A systems approach to mainstreaming environment and sustainability in universities : the case of Rhodes University, South Africa

Togo, M. (2009) A systems approach to mainstreaming environment and sustainability in universities : the case of Rhodes University, South Africa. PhD thesis, Rhodes University.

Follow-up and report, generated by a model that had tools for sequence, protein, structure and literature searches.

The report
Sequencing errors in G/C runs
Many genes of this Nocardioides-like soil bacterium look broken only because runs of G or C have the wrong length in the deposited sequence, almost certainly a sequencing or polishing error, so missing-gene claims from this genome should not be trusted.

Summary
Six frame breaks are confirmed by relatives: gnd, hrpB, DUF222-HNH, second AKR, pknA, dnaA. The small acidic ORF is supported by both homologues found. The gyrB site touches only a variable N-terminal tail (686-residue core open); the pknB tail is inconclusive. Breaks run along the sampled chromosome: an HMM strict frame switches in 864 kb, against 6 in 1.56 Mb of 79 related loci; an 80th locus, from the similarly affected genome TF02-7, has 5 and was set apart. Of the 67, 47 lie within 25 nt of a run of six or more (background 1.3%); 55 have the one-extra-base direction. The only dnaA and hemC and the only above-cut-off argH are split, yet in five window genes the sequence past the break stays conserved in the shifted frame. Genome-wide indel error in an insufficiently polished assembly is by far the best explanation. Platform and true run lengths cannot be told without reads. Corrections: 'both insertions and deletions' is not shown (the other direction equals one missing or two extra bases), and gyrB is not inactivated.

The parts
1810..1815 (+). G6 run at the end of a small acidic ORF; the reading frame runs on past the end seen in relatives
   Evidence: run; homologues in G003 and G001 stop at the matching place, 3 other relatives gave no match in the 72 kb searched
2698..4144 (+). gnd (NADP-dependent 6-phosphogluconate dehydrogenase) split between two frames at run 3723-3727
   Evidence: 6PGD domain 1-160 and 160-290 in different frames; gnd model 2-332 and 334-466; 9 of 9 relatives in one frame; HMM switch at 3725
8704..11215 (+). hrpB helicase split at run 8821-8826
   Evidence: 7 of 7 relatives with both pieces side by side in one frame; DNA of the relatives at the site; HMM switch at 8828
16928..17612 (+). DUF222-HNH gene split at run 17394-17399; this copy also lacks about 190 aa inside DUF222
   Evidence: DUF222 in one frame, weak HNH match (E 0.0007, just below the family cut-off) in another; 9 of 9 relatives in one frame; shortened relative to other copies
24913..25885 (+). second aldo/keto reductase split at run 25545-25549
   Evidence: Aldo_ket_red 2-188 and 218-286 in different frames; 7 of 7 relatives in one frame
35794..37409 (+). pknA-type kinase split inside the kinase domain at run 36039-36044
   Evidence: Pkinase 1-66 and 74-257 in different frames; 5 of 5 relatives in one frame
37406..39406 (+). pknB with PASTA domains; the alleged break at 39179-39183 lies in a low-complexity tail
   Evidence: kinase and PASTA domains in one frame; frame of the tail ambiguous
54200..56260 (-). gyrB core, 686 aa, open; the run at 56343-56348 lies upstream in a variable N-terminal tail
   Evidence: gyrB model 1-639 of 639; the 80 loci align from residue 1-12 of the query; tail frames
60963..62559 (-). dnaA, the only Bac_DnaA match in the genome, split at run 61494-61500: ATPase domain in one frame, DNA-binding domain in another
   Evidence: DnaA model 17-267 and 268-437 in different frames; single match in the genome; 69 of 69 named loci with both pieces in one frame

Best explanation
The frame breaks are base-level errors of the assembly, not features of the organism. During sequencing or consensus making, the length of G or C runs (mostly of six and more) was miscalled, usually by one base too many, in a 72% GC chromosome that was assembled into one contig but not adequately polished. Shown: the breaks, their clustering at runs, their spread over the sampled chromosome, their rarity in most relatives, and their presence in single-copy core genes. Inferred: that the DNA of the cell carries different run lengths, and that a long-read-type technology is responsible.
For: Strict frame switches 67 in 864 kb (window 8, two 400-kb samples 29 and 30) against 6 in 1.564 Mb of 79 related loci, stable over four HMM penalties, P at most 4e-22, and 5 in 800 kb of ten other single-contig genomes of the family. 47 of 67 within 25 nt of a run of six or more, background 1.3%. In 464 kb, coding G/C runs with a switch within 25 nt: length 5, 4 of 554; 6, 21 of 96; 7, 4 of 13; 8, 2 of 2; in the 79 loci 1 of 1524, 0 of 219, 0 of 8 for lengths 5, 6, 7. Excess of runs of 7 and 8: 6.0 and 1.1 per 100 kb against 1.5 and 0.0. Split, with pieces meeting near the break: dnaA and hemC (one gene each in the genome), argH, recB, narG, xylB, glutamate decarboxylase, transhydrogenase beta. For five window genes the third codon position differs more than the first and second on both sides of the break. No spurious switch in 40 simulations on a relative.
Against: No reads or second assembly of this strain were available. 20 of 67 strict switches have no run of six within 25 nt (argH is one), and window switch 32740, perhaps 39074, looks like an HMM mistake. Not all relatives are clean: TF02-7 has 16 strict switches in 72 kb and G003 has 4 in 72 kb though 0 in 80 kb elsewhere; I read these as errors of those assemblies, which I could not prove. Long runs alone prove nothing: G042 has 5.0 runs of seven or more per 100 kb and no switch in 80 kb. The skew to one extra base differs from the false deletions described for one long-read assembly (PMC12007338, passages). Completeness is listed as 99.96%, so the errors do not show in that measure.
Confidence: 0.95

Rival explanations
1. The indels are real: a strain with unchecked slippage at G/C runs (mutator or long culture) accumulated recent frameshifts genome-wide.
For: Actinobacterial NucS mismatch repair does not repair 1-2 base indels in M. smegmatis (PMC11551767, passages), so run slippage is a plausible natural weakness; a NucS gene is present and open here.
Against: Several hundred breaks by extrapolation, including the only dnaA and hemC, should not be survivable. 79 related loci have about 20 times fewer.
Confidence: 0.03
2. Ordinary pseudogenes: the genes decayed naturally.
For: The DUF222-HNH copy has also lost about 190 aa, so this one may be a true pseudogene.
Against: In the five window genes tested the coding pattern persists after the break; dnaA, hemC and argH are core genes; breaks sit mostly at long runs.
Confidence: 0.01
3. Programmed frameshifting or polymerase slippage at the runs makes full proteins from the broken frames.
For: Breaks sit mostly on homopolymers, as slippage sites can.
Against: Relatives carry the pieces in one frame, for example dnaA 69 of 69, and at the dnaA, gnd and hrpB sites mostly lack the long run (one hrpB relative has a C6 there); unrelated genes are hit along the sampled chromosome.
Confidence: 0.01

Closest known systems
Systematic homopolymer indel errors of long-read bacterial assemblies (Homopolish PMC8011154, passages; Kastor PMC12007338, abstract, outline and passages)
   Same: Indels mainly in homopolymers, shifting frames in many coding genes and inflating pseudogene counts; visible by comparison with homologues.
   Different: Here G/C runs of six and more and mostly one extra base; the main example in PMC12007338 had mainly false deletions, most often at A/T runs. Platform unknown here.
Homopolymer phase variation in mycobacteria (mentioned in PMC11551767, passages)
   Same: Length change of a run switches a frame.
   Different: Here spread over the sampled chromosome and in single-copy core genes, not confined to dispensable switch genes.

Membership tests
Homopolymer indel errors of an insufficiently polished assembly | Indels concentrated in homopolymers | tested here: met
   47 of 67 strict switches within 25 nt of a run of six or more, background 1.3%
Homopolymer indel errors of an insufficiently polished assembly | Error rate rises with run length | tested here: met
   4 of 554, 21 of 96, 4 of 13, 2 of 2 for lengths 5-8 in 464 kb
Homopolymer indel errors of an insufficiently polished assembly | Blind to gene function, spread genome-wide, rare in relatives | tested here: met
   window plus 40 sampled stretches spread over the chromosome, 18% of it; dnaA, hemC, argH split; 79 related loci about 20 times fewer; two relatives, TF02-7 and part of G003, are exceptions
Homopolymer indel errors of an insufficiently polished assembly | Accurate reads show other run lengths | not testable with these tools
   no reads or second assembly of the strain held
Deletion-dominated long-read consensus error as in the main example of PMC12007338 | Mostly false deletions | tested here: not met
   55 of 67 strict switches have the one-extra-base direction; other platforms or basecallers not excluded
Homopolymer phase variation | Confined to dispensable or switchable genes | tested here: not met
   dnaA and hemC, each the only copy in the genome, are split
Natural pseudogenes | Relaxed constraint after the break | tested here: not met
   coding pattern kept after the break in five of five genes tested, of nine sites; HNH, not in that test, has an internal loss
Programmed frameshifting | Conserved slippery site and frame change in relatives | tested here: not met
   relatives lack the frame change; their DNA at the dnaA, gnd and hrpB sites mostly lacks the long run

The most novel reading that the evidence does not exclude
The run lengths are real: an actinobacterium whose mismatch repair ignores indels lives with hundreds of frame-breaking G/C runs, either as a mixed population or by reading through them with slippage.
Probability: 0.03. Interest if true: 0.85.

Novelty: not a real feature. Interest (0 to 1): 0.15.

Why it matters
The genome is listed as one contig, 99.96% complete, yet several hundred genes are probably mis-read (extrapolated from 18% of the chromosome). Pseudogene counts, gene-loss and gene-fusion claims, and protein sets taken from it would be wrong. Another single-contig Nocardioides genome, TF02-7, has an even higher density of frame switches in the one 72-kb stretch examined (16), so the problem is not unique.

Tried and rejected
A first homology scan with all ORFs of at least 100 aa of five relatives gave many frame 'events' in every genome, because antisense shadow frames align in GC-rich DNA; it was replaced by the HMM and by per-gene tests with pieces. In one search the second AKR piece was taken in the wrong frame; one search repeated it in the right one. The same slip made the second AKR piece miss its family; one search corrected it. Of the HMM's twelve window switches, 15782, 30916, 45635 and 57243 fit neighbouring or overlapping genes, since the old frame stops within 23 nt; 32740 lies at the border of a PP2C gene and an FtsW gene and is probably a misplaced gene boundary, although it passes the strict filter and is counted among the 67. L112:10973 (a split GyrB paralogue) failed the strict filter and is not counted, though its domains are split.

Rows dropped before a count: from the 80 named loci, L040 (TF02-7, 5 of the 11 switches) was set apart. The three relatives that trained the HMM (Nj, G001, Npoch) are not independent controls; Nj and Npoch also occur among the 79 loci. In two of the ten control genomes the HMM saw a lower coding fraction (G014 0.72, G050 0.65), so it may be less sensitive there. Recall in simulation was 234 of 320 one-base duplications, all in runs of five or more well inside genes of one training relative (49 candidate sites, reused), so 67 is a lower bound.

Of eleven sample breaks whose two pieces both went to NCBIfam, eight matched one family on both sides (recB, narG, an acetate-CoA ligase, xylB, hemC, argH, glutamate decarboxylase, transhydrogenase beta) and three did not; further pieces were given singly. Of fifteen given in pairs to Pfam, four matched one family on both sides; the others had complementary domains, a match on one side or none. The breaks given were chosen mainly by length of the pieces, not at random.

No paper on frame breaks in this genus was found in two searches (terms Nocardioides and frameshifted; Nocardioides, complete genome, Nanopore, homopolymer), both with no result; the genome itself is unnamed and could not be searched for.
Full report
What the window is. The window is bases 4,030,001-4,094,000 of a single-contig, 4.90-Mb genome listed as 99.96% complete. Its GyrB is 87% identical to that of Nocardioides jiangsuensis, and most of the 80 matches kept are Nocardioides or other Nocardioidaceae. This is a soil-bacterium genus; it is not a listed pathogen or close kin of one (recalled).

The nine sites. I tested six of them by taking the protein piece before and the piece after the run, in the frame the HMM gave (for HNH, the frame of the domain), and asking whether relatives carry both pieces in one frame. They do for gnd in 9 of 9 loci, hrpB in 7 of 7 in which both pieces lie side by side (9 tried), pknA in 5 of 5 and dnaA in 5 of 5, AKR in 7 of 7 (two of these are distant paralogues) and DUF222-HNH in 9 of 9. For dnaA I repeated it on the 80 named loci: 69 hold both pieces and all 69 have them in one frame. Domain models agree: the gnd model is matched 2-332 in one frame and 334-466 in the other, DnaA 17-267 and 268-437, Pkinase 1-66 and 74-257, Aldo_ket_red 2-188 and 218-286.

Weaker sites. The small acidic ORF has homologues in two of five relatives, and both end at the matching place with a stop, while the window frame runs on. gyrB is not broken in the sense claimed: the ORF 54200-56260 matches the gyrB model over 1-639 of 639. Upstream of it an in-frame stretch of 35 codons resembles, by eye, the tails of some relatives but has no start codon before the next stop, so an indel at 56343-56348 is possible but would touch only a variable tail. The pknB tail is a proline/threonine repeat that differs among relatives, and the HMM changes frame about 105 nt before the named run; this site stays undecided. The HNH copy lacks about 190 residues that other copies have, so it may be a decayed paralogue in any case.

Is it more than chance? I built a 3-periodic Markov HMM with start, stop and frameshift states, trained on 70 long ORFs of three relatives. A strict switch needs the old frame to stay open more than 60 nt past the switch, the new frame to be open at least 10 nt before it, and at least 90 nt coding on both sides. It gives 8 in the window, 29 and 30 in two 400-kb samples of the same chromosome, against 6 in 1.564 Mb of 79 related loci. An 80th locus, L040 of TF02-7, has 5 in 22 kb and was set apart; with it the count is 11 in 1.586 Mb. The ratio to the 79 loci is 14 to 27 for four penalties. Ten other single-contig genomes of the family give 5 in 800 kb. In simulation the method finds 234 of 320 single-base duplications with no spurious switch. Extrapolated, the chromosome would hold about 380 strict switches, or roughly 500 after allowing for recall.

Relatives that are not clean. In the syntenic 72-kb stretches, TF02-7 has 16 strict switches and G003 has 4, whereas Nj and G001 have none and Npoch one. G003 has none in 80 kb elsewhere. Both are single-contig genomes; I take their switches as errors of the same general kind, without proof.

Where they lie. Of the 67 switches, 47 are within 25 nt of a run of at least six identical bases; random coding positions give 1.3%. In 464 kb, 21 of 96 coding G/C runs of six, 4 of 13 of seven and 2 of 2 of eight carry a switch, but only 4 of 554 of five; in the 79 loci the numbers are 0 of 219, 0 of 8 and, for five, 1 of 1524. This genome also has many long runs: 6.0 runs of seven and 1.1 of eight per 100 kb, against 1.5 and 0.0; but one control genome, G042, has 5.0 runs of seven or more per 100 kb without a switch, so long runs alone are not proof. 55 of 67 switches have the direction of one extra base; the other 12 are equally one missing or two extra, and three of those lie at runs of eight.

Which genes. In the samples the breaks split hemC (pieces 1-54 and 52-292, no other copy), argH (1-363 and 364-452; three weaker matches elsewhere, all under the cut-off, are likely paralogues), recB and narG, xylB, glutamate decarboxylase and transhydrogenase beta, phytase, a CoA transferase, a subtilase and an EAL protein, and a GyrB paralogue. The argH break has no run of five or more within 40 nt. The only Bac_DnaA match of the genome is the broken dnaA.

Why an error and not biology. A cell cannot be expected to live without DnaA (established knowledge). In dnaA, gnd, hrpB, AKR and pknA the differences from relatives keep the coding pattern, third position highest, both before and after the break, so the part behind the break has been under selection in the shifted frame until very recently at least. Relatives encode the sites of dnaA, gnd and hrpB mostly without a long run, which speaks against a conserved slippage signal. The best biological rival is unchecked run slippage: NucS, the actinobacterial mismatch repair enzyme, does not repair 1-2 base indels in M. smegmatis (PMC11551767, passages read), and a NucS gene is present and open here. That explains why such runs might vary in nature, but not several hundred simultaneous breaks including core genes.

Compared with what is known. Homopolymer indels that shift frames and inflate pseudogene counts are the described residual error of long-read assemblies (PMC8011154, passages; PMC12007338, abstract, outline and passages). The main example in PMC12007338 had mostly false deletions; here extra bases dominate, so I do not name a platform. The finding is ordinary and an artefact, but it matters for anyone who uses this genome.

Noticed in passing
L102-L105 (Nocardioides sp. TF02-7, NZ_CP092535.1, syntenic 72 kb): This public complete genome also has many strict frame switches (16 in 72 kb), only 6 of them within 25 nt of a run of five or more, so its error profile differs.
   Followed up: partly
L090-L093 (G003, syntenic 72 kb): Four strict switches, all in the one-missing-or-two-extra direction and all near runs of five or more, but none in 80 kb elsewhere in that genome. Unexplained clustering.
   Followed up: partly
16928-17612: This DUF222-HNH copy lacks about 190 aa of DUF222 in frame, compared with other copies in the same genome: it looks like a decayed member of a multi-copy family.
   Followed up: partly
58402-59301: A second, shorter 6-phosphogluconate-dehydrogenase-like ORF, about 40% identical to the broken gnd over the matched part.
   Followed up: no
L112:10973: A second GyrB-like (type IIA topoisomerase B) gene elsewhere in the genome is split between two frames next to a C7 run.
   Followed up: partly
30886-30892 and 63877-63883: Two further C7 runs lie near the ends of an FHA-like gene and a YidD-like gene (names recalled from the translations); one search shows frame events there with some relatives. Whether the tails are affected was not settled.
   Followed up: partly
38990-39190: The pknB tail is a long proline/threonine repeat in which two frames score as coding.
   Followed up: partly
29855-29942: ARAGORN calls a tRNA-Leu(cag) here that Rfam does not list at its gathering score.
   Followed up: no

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Abstract